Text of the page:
In a hail of bullets, Newark 'Mema' keeps grandson safe

By Barry Carter | The Star-Ledger
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on October 12, 2014

(L-R) Jaleel Barber, helps his partner Tania Thornton, to her walker in their Newark apartment. Thornton 48, used her body to shield her 6 year-old grandson, General, when someone started shooting as they were on their way to the corner store. Thornton was hit by a bullet in her left leg.


The sound of gunshots in Tania Thornton’s neighborhood is common.

So common, in fact, that residents recognize them immediately.

“Pow-pow, pow-pow.’’

The time of day, Thornton says, doesn’t seem to matter on the streets around Sunset Avenue in Newark’s West Ward.

On Oct. 1, as she walked to Brookdale Supermarket with her grandson, 6-year-old General Burke, she heard them again.

The young boy had wanted an Italian cheeseburger, his favorite sandwich, on his day off from school.

His eyes get big just talking about how it's stuffed with french fries and ketchup. And mayonnaise, lots of mayo.

“It’s the goodest,’’ he says.

It would have been delicious, had he and his 48-year-old grandmother made it to the corner store on that sunny, pleasant afternoon.

“For a change, it was quiet,’’ Thornton says. “It was serene.’’

They started out walking, holding hands on Sunset Avenue.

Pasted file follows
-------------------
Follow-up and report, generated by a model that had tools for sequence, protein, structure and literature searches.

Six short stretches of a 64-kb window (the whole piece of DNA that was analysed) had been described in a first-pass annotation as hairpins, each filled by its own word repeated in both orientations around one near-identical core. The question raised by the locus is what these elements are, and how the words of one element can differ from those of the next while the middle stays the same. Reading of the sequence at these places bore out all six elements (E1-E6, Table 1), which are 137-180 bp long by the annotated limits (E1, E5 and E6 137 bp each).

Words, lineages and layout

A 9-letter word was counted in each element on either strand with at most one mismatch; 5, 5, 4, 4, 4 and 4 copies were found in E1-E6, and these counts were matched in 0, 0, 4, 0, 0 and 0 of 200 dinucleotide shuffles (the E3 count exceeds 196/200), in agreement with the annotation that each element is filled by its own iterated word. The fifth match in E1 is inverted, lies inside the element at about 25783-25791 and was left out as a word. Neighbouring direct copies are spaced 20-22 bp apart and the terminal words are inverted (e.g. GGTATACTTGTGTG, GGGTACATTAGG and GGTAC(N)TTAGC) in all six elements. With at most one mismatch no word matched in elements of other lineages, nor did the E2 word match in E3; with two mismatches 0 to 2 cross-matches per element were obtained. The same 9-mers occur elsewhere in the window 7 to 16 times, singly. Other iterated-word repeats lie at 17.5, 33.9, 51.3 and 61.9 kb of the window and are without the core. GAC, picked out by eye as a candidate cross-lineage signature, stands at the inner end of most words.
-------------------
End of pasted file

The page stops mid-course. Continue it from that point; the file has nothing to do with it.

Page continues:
Thornton, whom Burke calls “Mema” was teasing her grandson as they turned left onto Abinger Place.

“You’re not 6 years old,’’ she recalls telling him.

“Yes I am, Mema,” he said.

He had turned 6 just the day before, on Sept. 30.

When they crossed over Boylan Street, they were a block away from the store at the corner of Abinger and Brookdale Avenue. Then, Thornton heard that familiar sound.

“Pow-pow, pow-pow.’’

General knew it, too, but he didn't think it was close to them. That is always what he thinks when he hears the sound.

Mema knew better.

“I heard maybe five or six shots,’’ she says. “I’m looking around to see where they’re coming from.’’

Her defenses kicked in. She grabbed her grandson’s hand tighter and walked faster toward Brookdale Avenue, where she pushed him to the ground behind a parked delivery truck.

Her only thought? “I have to protect him,’’she says. “I have to save him.’’

When Thornton looked up, what she saw was like something out of a movie.

But this was real, another in the shootings you’ve read about in Newark this year.

There was a man across the street from Thornton. His face was covered by a mask and he was wearing a hooded sweatshirt pulled tight over his head.

He was running in her direction with two big guns, one in each hand, and he was firing.

“He’s full throttle,’’ Thornton recalls.

Her hands, fixed like the guns she saw, squeeze off imaginary rounds.

“Boom, boom, boom, boom,’’ she says, softly.

The hail of bullets are meant for a man standing in front of the store, the same store that Thornton and her grandson were headed to for that Italian cheeseburger.

Thornton tried to get out of the way, but it was too late. One of the bullets caught her in the side of her left leg, close to her knee. She fell to the ground on top of her grandson and pulled him close, pushing his head down, covering him completely with her body.

“I wasn’t scared,’’ he says. “I felt protected.’’